4. Click on OK, then click on the Install button the start installing Mac OS X on the HP Mini. Walk around, grab some Starbucks, read a book, anything – just don’t try to blow dry your hair anywhere near the HP Mini while it’s installing OS X hahaha . The HP Mini will restart after it’s finished installing.

Note: The Installer program might tell you that the installation failed. Don’t worry about that – it’s just saying the system it has just installed can’t be restarted. But we have an external bootloader made just for that.

To be continued on Part 3


20 08 2009

or is it leaving home?

Anyhoo, MacBook Mini has a new home:

click on image to go to the new blog

click on image to go to the new blog

Battery, Battery

14 08 2009

from Slim Battery site

You’ve just successfully installed Mac OS X Leopard on your precious Mini, gotten out alive from a proliferation of how-to-guides all a-jumble that you’d scourged high and low from the world wide web so you’re updated to 10.5.7 or 10.5.8.

And in the pursuit of that ever ellusive happiness, you tweak your MacBook Mini to your tastes and one of the nuisances you take care of aside from the pesky resolution that would almost always break at every update (save those video kexts under “Break In Case of Update” glass), is that equally pesky warning message that tells you that:

“You are now running on reserve power.”

blah blah blah

You’ve just unhooked your MacBook Mini from the mains just a few minutes ago and that 80% charge remaining can in no means be insufficient to run your spanking hackintosh-netbook. No way.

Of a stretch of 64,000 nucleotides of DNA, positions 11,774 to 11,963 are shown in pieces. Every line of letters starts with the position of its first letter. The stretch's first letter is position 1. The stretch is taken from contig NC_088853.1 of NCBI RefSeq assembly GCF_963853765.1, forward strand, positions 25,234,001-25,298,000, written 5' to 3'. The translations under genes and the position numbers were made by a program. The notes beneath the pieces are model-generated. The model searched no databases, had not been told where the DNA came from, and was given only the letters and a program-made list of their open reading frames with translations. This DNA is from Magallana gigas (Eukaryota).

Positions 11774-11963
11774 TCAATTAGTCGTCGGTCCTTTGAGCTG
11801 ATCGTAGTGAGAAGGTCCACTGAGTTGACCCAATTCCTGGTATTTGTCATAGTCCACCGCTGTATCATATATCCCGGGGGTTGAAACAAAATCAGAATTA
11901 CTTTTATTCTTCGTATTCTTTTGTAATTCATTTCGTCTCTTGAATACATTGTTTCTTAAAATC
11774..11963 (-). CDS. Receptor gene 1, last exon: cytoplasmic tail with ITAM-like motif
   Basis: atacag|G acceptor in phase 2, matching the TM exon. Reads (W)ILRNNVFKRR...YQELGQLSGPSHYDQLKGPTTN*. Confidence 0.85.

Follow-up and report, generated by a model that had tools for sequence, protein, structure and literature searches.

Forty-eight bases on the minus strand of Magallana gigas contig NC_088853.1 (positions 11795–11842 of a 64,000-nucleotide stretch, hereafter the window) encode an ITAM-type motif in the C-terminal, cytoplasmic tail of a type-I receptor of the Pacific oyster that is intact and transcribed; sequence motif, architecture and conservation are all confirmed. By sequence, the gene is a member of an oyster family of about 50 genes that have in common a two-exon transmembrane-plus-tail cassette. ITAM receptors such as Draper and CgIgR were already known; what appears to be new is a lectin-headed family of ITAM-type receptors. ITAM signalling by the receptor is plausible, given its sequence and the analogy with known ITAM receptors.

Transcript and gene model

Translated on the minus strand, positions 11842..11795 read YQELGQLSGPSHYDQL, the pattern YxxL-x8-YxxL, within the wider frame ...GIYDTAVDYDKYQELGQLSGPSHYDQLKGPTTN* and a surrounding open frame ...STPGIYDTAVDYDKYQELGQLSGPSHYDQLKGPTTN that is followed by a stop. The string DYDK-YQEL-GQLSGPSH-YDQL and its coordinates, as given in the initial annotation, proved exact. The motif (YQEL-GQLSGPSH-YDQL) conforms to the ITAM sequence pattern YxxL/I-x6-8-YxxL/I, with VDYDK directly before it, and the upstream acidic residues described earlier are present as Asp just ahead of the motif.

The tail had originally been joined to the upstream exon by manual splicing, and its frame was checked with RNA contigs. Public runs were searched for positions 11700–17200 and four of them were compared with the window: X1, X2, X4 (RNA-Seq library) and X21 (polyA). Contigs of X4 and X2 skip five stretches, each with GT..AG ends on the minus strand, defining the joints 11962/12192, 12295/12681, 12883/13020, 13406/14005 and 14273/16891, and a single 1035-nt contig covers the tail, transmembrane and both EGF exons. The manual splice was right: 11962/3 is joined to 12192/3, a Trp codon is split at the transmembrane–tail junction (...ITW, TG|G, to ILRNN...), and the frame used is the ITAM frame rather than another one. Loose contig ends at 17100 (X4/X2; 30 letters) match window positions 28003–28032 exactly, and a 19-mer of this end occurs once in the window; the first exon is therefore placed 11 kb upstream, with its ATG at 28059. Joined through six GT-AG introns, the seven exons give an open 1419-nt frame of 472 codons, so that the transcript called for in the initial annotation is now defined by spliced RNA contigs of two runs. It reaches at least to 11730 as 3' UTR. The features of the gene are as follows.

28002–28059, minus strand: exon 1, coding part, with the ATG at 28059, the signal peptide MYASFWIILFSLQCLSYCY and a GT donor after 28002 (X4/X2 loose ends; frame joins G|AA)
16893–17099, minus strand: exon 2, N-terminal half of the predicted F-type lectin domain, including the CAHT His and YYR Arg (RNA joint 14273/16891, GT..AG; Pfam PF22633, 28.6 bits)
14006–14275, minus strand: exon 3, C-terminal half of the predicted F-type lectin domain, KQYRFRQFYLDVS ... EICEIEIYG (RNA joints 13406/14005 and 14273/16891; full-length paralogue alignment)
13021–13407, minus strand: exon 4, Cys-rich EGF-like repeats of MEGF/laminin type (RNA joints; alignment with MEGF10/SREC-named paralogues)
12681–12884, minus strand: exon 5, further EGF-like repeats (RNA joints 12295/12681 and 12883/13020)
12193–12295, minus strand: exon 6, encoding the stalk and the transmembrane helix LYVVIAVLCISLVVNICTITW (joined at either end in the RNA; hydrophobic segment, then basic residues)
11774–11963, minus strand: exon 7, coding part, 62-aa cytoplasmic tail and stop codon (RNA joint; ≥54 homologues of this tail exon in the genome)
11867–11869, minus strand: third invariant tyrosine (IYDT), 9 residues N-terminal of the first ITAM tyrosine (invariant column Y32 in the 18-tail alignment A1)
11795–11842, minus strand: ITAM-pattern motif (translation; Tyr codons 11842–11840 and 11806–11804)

For the longest time, I’ve always opted to disable battery warning messages (System Preferences > Energy Saver – you just dig around there 😉 ) and then take out the default battery icon from the Menubar. So off it has always gone to oblivion with a disgruntled poof of cartoonish smoke, never again to be summoned to grace my hackintosh computing view. I’ve always replaced it with Slim Battery.

But because of reasons unfathomable even to myself, I wanna be able to use the default battery menulet (yes, according to Mac OS X Leopard, The Missing Manual, that’s what you call those icons sitting on your Menubar). I find that the iDeneb patches found in /…/system/Installation/Packages/Patches of the iDeneb installer disc extremely interesting.

If you’re on kernel 9.7.0, that is kernel from 10.5.7 (cause you may be on 10.5.8 but using this kernel to get sleep/resume), you can install the iDeneb PowerManagement.pkg patch and forget about Slim Battery altogether.